I have a bowl of stones from our Peaks Island beach sitting on my coffee table down here in VA. They are among my greatest treasures as I seldom get north of my house in the Poconos (PA) anymore. But lobstah… ah, yes. The perhaps more humane way is to stick a small sharp knife in and kill the poor things before boiling them to death, let alone sticking them in an oven. (BAD KARMA!) As a vegetarian today, I never crave meat… until someone mentions lobster, then the saliva glands kick in and remind me…………… sigh.
    I have traveled and lived in many different places in the world. Maine has to be among the most beautiful. Great post.

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    1. Good heavens, but there seem to be a lot of Maine people reading Murrmurrs. And yes, Dave is useful in keeping the bugs off other people.

      First time I met the flies, I'd volunteered to mow Margaret's (huge) lawn and got on the riding mower to give 'er a go. I put the speed at "1" because I'm a sissy and there were some slopes and angles to negotiate. Then the flies started in. They bite a little chunk out of you and inject anti-coagulant so you have little streams of blood coming down all over your face and look like you've just taken off your Crown of Thorns. I am a serious sissy, but I had that mower cranked up to "5" in no time. Flew over that yard.

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  30. Hey Murr! Fascinating stuff on both states; I've never visited either, but I feel the urge now. And I'm even more intrigued by your internal landscape. I would swear mine is more structured, but I suspect they're rather similar. Indigo x

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    1. Yours might be more structured, but you're younger than me. Just you wait.

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  31. Dear Murr,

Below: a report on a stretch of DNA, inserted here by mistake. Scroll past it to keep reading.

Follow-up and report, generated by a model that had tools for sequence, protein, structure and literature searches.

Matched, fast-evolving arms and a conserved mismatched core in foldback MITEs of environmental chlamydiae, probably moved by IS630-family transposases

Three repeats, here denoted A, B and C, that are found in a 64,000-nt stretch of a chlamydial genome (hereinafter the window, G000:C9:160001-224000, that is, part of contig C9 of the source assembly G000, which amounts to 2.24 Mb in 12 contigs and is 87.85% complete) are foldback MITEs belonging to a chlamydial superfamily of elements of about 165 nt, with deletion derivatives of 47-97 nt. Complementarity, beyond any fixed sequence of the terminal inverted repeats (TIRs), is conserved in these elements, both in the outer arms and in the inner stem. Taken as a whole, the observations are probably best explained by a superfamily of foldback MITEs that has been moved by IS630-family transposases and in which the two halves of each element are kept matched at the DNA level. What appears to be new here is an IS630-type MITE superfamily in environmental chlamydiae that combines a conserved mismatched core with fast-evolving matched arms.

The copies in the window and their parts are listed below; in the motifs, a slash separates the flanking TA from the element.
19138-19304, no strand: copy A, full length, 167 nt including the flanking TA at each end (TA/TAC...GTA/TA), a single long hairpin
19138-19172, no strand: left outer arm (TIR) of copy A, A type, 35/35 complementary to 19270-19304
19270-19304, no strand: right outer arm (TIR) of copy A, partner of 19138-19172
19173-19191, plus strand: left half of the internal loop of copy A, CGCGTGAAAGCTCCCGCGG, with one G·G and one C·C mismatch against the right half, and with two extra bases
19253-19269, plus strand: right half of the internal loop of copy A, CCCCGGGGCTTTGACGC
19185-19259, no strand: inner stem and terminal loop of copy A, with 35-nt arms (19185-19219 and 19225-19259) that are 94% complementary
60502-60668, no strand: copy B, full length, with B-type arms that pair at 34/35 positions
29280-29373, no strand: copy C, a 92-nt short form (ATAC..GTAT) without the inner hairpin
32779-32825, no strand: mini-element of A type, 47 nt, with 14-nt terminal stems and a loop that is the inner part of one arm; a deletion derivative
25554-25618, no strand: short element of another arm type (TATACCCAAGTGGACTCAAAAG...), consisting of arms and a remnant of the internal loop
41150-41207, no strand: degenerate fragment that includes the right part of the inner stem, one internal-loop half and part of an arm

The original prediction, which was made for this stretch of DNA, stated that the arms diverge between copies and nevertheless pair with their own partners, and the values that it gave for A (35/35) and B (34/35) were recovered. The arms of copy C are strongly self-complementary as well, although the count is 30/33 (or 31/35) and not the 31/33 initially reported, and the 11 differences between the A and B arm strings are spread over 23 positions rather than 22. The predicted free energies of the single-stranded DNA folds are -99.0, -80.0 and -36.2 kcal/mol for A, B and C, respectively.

I can only conclude that your interior is as strangely wonderful as the houses that face the fierce winters of Maine. A beautifully constructed essay, one delightful room at a time.

    Keep on constructing these wonderful insights. I think I think the way you do, sort of rambling into what I meant to say. But your essays stand up to time much better!

    Thanks for the morning wake-up!

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    1. EVENtually the ramblings come full circle. The trick is to try to get them to bend around in a hurry so you have an essay instead of Grandma's Slipped A Cog Again.

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  32. After 10 chilly, poor-ish years in Maine (mostly near Damariscotta) I decided that I wanted to live someplace just like Maine, only with milder winters and more, and better jobs, and that landed me here in Oregon 15 years ago. While there are some aspects of Maine I miss (the vernacular architecture being high on the list) I have no regrets.

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  33. Hi Murr,
    I guess I could say I "know" you from Julie Z, but I don't "know" her either, but I like how both of you think so much, that I feel like I do. I'm here in IL, far away from the coasts. I'd like to see both Oregon and Maine. Your writings kind of sate me between fierce episodes of wanderlust. Good thoughts, as always! April

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    1. You remind me of a familiar conversation we keep having here--I relate something from my Facebook page, and Dave says "is she a friend of yours?" and I say "yeah, no, she's a friend of my friend X," and then I remember I haven't met X either.

      First time I read anything of Julie's I thought: I know this woman.

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    2. Oh, and as a person who will be having a colonoscopy soon...I deeply appreciate all the poop you write about. To say I am freaked out about it is an understatement. It goes against everything I believe in. April

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    3. Don't freak out! Colonoscopies are a BLAST!

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    4. While I will appreciate, deeply, the melodic, and I hope odiferous, breaking like the wind....I DO NOT want to wake up mid-proceedure...nor do I want to see pictures/video/drawings of said proceedure. I want to be out like a light until it's all over, and I'm back farting happily and with abandon in the recovery room. April

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    5. Just had my first colonoscopy last week, and it was everything people said it was, and more. And that's not good.
      I unfortunately have to have another in three years; I will not speak of it again until then.
      Evil, evil, evil.
      But good luck, April.

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    6. I seriously enjoyed mine. Everything came out great.